Medically reviewed by Drugs.com. Last updated on Jun 19, 2023.
2.1 Important Dosage and Administration Information
To avoid medication errors, prescribers and pharmacists must be aware that hydromorphone is available as both immediate-release 8 mg tablets and extended-release 8 mg tablets.
EXALGO should be prescribed only by healthcare professionals who are knowledgeable in the use of potent opioids for the management of chronic pain.
Due to the risk of respiratory depression, EXALGO is only indicated for use in patients who are already opioid-tolerant. Discontinue or taper all other extended-release opioids when beginning EXALGO therapy. As EXALGO is only for use in opioid-tolerant patients, do not begin any patient on EXALGO as the first opioid.
Patients who are opioid-tolerant are those receiving, for one week or longer, at least 60 mg of oral morphine per day, at least 25 mcg transdermal fentanyl per hour, at least 30 mg of oral oxycodone per day, at least 8 mg of oral hydromorphone per day, at least 25 mg oral oxymorphone per day, at least
60 mg oral hydrocodone per day, or an equianalgesic dose of another opioid.
- Use the lowest effective dosage for the shortest duration consistent with individual patient treatment goals [see Warnings and Precautions (5)].
- Initiate the dosing regimen for each patient individually, taking into account the patient's prior analgesic treatment experience and risk factors for addiction, abuse, and misuse [see Warnings and Precautions (5.1)].
- Monitor patients closely for respiratory depression, especially within the first 24 to 72 hours of initiating therapy and following dosage increases with EXALGO and adjust the dosage accordingly [see Warnings and Precautions (5.3)].
Instruct patients to swallow EXALGO tablets whole [see Patient Counseling Information (17)]. Crushing, chewing, or dissolving EXALGO tablets will result in uncontrolled delivery of hydromorphone and can lead to overdose or death [see Warnings and Precautions (5.1)].
2.2 Initial Dosage
Conversion from Other Oral Hydromorphone Formulations to EXALGO
Patients receiving oral immediate-release hydromorphone may be converted to EXALGO by administering a starting dose equivalent to the patient’s total daily oral hydromorphone dose, taken once daily.
Conversion from Other Oral Opioids to EXALGO
Discontinue all other around-the-clock opioid drugs when EXALGO therapy is initiated.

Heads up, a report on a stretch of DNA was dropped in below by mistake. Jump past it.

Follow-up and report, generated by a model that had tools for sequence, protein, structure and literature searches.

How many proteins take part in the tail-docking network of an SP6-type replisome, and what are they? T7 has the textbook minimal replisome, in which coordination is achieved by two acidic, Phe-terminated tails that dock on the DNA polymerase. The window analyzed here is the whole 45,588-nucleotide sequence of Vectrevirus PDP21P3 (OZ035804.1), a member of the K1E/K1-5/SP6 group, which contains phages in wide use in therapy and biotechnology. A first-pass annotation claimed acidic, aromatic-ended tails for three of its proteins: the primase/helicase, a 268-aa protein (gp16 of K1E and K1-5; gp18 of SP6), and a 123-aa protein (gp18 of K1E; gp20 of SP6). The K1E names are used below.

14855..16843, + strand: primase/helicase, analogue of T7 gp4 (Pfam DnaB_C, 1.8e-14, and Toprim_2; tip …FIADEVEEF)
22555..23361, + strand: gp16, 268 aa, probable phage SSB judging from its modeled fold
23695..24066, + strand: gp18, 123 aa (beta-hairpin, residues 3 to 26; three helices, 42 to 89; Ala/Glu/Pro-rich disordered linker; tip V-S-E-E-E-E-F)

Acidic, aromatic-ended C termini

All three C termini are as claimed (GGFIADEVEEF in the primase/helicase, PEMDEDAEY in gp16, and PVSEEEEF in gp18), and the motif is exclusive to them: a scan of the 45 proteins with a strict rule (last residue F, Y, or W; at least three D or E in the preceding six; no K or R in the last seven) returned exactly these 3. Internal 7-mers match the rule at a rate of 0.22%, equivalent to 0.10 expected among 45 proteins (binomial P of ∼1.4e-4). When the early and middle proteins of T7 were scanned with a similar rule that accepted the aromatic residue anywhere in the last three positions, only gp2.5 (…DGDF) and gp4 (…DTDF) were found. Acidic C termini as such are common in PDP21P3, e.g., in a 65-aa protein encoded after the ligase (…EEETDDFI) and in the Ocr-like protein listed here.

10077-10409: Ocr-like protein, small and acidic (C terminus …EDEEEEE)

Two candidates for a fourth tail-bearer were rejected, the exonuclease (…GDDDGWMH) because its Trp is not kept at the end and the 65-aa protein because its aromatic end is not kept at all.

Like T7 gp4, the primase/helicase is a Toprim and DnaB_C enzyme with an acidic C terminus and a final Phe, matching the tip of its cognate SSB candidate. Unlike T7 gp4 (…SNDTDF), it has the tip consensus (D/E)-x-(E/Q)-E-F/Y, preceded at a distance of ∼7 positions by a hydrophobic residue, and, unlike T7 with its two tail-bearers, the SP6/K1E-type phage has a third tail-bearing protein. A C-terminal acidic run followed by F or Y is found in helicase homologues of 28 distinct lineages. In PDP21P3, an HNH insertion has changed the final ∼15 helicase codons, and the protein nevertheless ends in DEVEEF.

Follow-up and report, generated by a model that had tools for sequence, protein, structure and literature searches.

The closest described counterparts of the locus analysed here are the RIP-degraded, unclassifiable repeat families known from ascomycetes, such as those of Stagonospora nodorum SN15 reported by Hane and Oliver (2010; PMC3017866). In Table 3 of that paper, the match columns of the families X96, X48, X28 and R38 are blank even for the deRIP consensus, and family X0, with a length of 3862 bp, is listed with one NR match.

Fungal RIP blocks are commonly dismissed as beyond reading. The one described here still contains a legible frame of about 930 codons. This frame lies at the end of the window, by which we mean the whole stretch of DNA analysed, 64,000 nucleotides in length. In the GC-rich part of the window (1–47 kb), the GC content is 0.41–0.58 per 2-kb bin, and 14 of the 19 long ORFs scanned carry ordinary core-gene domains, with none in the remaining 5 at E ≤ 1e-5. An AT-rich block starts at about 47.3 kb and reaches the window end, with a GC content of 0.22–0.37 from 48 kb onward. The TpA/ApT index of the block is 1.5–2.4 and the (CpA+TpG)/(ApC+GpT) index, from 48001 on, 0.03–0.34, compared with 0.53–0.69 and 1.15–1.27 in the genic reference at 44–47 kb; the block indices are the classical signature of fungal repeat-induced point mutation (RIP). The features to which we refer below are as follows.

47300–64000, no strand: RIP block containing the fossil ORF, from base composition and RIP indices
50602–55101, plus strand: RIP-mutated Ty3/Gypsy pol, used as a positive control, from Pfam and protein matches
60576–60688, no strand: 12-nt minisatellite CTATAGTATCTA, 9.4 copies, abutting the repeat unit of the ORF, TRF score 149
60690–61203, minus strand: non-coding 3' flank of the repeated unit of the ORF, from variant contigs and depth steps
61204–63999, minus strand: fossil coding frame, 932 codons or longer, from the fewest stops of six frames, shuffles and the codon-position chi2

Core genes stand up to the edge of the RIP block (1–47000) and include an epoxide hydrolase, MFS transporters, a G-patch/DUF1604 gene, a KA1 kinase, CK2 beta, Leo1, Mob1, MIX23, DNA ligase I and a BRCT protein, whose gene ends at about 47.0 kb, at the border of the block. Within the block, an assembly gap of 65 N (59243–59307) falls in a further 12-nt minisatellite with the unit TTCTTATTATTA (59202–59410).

There is substantial inter-patient variability in the relative potency of different opioid drugs and opioid formulations. Therefore, a conservative approach is advised when determining the total daily dosage of EXALGO. It is safer to underestimate a patient’s 24-hour oral hydromorphone dosage and provide rescue medication (e.g., immediate-release opioid) than to overestimate the 24-hour oral hydromorphone dosage and manage an adverse reaction due to overdose.
In an EXALGO clinical trial with an open-label titration period, patients were converted from their prior opioid to EXALGO using the Table 1 as a guide for the initial EXALGO dose. The recommended starting dose of EXALGO is 50% of the calculated estimate of daily hydromorphone requirement. Calculate the estimated daily hydromorphone requirement using Table 1.
Consider the following when using the information in Table 1:
This is not a table of equianalgesic doses.
The conversion factors in this table are only for the conversion from one of the listed oral opioid analgesics to EXALGO.
The table cannot be used to convert from EXALGO to another opioid. Doing so will result in an overestimation of the dose of the new opioid and may result in fatal overdose.
Conversion Factors to EXALGO
Prior Oral Opioid
Approximate Oral Conversion Factor
To calculate the estimated EXALGO dose using Table 1:
- For patients on a single opioid, sum the current total daily dose of the opioid and then multiply the total daily dose by the conversion factor to calculate the approximate oral hydromorphone daily dose.
- For patients on a regimen of more than one opioid, calculate the approximate oral hydromorphone dose for each opioid and sum the totals to obtain the approximate total hydromorphone daily dose.